Turn the camera around

Arthur - May 5, 2009

It started with photography and a conversation over lunch. “I back up all my photos to an external hard drive and also to the cloud,” a fellow amateur photographer said. “That way if my house goes up in a fire, or a burglar comes and snatches all my computer equipment, including external hard drives, I won’t lose my photos.”

I got home and took a good hard look at my 15 x 10 x 1/2 in metal case with a keyboard that contains most of my life’s work. If I had a catastrophic digital failure of some kind, I would lose my genealogy, videos of my grand kids, photographs, and all my writing. My life’s work contained in this slim piece of metal.

Sure I back it up to an external hard drive. But is that really enough to protect against the devastation that the loss of what is stored inside would cause?

That led to yet another diversion from writing my dad’s book, as my daughter so nicely pointed out in a phone conversation. “Maybe you are trying to avoid something,” she said.

That may be true. But I still need to formulate and execute a better back-up plan. And I need to sort through my files, consolidate, and edit them down. Another motivation that drives me forward is the thought that my husband or kids would have to deal with my computer if something were to happen to me. How can I expect them to deal with all the photos, videos, and documents I have loaded it up with? I don’t want to deal with it myself.

So I started sorting through my old recorded videos and came across one that I took at my sister’s house for a celebration of Mom’s birthday in May of 2009. We had just gotten Arthur and he was playing with my sister’s new puppy. I spent over 13 minutes that day recording Arthur. On the video, like an unobtrusive soundtrack running in the background, my parents are talking all the while.

I hear my mom say my name, but the rest of what she says fades out. I hear her laugh. “My brother had a dog,” my dad says, “and he named him Blue.”

And I wonder, why didn’t I, even once, turn the camera around?

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14 thoughts on “Turn the camera around”

    1. I’m glad I’m not alone. It’s just that now that they’re gone, I really yearned to see my parents’ faces. Modern technology adds a new element to the grieving process.

  1. I got all choked up at the end of this. We do miss so many opportunities and yet, I want to go out without regrets, focusing whether my inner or outer lens on what I did do, did hear, did say. Otherwise despair would swallow me whole.

  2. It occurs to me reading this that I’d have no idea how I’d react to hearing the sound of my mother’s voice on a recording. My late brother’s voice remains on my sister-in-law’s answering machine though.

    1. It’s a small way to hang on to the past. I found a few audio recordings my dad made, unbeknownst to me, in his computer files that I have archived on my laptop. I thought the wav files were just mistakes he had made by saving a song or audio clip accidentally. Before deleting them, I recently clicked on them and out came his voice describing photographs he had saved in the folder with them. It wrecked me for an hour or so. I never knew he had done that.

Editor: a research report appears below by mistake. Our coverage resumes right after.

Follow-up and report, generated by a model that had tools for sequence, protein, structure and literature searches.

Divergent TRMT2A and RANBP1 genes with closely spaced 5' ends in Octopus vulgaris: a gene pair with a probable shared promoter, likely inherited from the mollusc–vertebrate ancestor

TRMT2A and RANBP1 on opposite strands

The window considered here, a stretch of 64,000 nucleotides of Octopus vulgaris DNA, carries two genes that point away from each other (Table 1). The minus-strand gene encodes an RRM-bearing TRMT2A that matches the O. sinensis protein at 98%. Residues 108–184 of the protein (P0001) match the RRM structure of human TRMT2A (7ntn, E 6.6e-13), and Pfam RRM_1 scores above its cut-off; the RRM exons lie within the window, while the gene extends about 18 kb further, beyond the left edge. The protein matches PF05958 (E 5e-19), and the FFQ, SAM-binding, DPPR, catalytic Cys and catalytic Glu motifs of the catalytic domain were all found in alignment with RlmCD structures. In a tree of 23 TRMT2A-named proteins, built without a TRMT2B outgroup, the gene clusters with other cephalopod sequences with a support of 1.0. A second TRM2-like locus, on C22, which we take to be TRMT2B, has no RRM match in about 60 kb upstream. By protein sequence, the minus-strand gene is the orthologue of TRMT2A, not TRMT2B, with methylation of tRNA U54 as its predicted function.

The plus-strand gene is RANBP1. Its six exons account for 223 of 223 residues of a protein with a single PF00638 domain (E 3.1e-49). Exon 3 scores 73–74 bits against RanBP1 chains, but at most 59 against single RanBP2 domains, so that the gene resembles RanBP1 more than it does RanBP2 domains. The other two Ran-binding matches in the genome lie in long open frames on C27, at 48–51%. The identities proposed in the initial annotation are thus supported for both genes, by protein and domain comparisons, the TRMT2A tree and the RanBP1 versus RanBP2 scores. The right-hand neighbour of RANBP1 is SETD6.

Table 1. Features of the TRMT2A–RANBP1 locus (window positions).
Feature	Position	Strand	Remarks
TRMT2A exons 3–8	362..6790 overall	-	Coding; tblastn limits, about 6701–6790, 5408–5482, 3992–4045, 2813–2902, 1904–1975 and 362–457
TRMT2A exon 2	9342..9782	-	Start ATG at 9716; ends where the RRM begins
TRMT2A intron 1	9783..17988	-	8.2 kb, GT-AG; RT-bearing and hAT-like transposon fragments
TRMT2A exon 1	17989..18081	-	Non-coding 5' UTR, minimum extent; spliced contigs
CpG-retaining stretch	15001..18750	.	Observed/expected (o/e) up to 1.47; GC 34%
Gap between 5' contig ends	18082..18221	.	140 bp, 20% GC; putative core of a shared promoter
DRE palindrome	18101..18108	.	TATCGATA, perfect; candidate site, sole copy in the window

But, I think down the road, or at least I still hope, that hearing his voice on tape will bring me comfort. I have quite a few audio tapes from when I interviewed him for his story. Mom is on there too. I haven’t been willing to listen to them yet, though.

      I hope things are getting easier for you. I feel like I turned a corner a couple of weeks ago——more than 18 months after their deaths. It gets easier, but it does take time.

  3. Because you’re human. Because you didn’t realize years later there was an opportunity. Because you thought the opportunities would come again.

    More importantly, you have what you have and it’s precious too. It’s a good question, but the better takeaway is how nice it is that you have a video of Arthur as a puppy. Those are always good for laughs!

    Nancy

    1. You and me both. I get caught up in the projects, and then exhausted, afterwards just leaving the mess and moving on to the next thing. With genealogy, photography, and writing all active interests, I have generated quite a few files. Many of them, as I’ve recently discovered, are in triplicate on my computer. It feels good to sort things out and organize everything, but it is extremely time-intensive. I just hope I can see it through to the end, so I don’t have to restart the process in the middle sometime in the future.

      I have to admit, Arthur was a little darling. When one of Anna’s friends first met him she said, “He’s not a pet; he’s a stuffed animal.” He was as soft as he looks.

  4. I have so much to sort through. It’s hard to be neat when you’re hurrying to move forward. But then, when you want to go back and find something, the necessity sinks in.

    Watching videos I have of my late husband turned out to be such a disappointment. I must have been expecting too much. Still, I’m sure I’ll be glad to have them some day.

    1. We understand each other, it seems. But that’s pretty much the way I live my life: make a mess of things with a project, then eventually go back and clean it all up. I don’t know how my husband tolerates me.

      I’m sorry about the disappointment with the videos of your husband. I don’t know how long he’s been gone, but I also believe you will be glad you have them some day.

      Right now the pictures, audio tapes, and videos still make me feel sad. Hopefully, and I expect it to be true, that will change with enough time. Mark’s father died in 2008. He was a dear man. I recently started a video that he was on (as I was organizing my computer movie files), and I didn’t feel sadness so much as love.

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